Value ETFs' Appeal Jumps After Growth Funds' Big Year

Growth-heavy SPY outflows reach $18 billion in January.

Jeff_Benjamin
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Wealth Management Editor
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Reviewed by: etf.com Staff
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Edited by: James Rubin

The strength of the equity markets that carried over from last year has been spotlighting value versus growth stocks for investors and advisors ready to pocket some gains. 

“We've shifted some allocation to value from growth, and there is good data behind that,” said Jason Siperstein, president at Eliot Rose Wealth Management, a financial planning and investment management firm in West Warwick, R.I. 

“But it's never a clear-cut choice, because the market is full of nuances,” he added. “That's why we haven't completely ditched growth investments.” 

Tom Graff, head of investments at financial planning firm Facet in Baltimore, attributed the recent interest among investors in value-oriented stocks to the increasing likelihood of a “soft landing” for the economy. 

“Some investors are probably thinking they are under-weight more cyclical parts of the market, which tend to line up with value-style stocks,” he said. “A lot of portfolios became naturally underweight value given how much growth outperformed in 2023.” 

Outflows from the $486 billion SPDR S&P 500 ETF Trust (SPY), which gained more than 26% last year, have reached more than $27 billion in January, reflecting a general shift away from strong growth stocks that have carried market-cap weighted indexes. 

Meanwhile, inflows to the $27 billion iShares S&P 500 Value ETF (IVE), which gained 22% last year, have hit more than $2.8 billion in January.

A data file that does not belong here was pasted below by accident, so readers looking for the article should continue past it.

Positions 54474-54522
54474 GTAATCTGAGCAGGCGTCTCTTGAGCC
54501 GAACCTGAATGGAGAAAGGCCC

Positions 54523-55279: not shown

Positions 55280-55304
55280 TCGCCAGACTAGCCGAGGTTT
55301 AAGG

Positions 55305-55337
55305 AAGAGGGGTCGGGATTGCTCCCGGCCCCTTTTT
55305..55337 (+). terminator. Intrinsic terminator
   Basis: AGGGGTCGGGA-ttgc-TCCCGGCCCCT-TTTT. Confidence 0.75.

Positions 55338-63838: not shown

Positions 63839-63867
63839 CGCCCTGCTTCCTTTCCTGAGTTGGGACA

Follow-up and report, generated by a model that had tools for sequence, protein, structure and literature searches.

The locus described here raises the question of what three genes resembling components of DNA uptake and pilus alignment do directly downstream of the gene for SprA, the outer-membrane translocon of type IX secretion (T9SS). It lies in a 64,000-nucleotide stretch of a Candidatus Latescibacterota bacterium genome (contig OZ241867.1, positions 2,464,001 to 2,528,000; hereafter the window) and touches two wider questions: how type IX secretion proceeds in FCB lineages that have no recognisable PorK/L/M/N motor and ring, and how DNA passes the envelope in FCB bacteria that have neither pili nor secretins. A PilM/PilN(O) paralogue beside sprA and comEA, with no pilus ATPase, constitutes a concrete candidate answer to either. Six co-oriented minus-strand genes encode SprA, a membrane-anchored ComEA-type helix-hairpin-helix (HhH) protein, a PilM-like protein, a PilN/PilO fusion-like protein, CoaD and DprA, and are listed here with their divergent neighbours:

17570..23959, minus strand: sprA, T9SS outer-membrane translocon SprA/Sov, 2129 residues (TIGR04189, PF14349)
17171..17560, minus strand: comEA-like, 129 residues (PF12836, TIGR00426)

Growth Stock ETFs Big Outflows 

Cyrus Amini, chief investment officer at investment advisor Helium Advisors in Everett, Wash., said the runup for growth stocks last year placed a lot of valuations in “overbought territory” relative to value stocks

“Given the broad expectation of slower economic growth in 2024, things look poised for value to narrow the gap between growth and value,” he said. “Value stocks trade at a more reasonable valuation, and have a larger dividend yield, offering both income and some margin of safety if the economy does indeed slow down.” 

Super 7 and All Else

Stephen Kolano, chief investment officer at financial advisor Integrated Partners in Waltham, Mass., summed it up as a the “Super Seven and everything else,” in a reference to the short list of high performers that have been carrying the performance of the broad market indexes for more than a year. 

“Currently, the top 10 stocks in the S&P 500, represent over 32% of the weight of the S&P 500; the most concentrated the index has been since the mid-1990s and as a result the core index in and of itself represents a tilt towards growth,” he said. “Essentially, it becomes a when-not-if scenario for value stocks as opposed to if-not-when that was in place through all of 2022 and most of 2023.” 

 For Brian Frank, portfolio manager at mutual fund trust Frank Capital Partners in Miami, the trend toward value investing is just basic math. 

“We have clients calling us up and talking about wanting to get defensive, and you can definitely make a case for it,” he said. 

Frank added that a migration toward defensive sectors is made easier by the uncharacteristically low valuations. 

“Usually defense is expensive, but it’s cheap right now,” he said. “I will hold cash if I’m not finding value, but I’m finding value in value stocks right now.” 

Contact Jeff Benjamin at [email protected] and find him on X at @BenjiWriter   

Jeff Benjamin is the wealth management editor at etf.com, responsible for coverage related to the financial planning industry. This includes writing, hosting podcasts, webinars, video interviews and presenting at in-person events.


Jeff is a veteran journalist with more than 30 years’ experience covering the financial markets. He has won more than two dozen national and regional awards for his reporting. He most recently worked as a senior columnist at InvestmentNews where he wrote about investment products and strategies, as well as the broader financial planning industry. Prior to that, Jeff worked as an analyst at Cerulli Associates where he researched and wrote reports on the alternative investments industry. Jeff also worked as a money management reporter at Dow Jones Newswires, where he covered the mutual fund industry.


Based in North Carolina, Jeff is a former Marine and has a bachelor’s degree in journalism from Central Michigan University.